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Abstract

It is often desirable to describe information derived from the cumulative experience of human experts in a quantitative and probabilistic form. Pertinent examples include assessing the reliability of alternative models or methods of data analysis, estimating the reliability of data in cases where this cannot be measured, and estimating ranges and probable distributions of rock properties and architectures in complex geological settings.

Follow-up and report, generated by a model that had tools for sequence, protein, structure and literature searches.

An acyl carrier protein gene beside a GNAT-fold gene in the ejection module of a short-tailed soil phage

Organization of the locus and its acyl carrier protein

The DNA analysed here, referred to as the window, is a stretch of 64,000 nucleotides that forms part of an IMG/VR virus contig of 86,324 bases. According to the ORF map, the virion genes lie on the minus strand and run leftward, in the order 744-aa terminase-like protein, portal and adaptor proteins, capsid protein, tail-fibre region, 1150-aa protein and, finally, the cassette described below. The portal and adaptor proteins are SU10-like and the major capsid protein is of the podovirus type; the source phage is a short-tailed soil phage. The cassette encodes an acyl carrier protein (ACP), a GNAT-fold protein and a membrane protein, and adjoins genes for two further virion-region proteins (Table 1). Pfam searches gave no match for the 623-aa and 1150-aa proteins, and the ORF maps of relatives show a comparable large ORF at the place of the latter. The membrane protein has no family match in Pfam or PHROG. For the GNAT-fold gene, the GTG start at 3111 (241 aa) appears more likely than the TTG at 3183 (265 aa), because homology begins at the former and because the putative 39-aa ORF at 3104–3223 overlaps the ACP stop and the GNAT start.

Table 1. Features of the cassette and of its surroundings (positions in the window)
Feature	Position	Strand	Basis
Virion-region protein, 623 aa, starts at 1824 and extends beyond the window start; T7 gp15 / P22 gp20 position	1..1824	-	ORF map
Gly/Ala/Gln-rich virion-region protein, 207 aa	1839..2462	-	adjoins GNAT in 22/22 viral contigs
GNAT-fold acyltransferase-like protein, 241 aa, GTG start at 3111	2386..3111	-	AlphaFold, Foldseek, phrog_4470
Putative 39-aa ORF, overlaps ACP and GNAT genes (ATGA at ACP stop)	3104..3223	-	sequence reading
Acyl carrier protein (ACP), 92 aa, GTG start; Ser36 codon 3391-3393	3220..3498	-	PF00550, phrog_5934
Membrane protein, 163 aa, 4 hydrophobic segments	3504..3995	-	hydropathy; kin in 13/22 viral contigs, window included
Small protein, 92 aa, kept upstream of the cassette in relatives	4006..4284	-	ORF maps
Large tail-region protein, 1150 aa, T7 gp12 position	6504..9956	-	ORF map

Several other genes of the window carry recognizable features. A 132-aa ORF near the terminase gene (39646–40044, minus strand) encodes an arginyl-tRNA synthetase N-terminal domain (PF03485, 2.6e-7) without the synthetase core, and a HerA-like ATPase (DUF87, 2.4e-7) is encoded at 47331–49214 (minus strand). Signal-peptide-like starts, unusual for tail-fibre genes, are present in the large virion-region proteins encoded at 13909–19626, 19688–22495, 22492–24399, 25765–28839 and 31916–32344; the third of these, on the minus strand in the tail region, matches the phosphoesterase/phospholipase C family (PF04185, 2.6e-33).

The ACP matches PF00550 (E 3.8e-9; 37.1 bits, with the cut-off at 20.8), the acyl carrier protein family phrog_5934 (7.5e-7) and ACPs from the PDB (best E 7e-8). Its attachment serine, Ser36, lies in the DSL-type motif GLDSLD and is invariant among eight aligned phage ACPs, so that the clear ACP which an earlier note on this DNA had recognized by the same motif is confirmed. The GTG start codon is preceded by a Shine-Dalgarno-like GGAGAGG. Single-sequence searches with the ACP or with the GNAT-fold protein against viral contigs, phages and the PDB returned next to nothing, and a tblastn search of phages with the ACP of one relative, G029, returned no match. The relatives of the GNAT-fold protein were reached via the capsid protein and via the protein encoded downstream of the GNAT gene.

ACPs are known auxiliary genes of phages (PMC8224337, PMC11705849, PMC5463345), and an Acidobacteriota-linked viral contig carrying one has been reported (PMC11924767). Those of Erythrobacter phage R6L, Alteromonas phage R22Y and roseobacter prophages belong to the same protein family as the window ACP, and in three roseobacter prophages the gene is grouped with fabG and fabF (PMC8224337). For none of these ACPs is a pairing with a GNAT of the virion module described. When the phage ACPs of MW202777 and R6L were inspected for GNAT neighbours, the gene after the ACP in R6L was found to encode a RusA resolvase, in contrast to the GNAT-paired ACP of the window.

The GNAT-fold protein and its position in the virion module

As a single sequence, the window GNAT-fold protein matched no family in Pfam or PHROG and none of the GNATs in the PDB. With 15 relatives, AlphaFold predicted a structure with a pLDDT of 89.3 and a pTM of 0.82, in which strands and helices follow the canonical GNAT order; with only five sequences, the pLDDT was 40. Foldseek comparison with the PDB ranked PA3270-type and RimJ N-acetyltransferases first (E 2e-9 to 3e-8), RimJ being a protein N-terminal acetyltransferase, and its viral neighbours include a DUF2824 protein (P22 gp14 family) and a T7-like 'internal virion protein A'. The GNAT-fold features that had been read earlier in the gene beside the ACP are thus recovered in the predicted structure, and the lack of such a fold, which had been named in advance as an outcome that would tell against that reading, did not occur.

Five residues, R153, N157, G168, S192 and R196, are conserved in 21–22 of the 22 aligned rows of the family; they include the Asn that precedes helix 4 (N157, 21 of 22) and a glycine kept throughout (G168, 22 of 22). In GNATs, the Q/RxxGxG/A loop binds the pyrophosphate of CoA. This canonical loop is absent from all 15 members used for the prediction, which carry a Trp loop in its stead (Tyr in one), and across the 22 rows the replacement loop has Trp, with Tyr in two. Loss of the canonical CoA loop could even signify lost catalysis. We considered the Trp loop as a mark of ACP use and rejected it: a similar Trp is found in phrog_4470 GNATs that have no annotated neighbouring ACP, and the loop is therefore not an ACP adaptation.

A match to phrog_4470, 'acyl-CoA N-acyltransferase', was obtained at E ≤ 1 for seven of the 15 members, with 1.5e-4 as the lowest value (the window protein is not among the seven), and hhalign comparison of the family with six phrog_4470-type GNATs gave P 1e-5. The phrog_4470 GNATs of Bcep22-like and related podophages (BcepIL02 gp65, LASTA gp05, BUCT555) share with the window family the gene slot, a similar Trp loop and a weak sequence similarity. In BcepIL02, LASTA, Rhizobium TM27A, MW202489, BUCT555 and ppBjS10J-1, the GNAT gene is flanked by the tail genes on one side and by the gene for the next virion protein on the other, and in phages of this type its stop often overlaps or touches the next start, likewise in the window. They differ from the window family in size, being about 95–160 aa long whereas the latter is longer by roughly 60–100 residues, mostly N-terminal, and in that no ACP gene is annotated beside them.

This paper presents a method to design an optimized process of elicitation (interrogation of experts for information) in real time, using all available information elicited previously to help in designing future elicitation trials. The method maximizes expected information during each trial using experimental design theory. We demonstrate this method in a simple experiment in which the conditional probability distribution or relative likelihood of a suite of nine possible 3-D models of fluvial-deltaic geologies was elicited from a geographically remote expert. Although a geological example is used, the method is general and can be applied in any situation in which estimates of expected probabilities of occurrence of a set of discrete models are desired.

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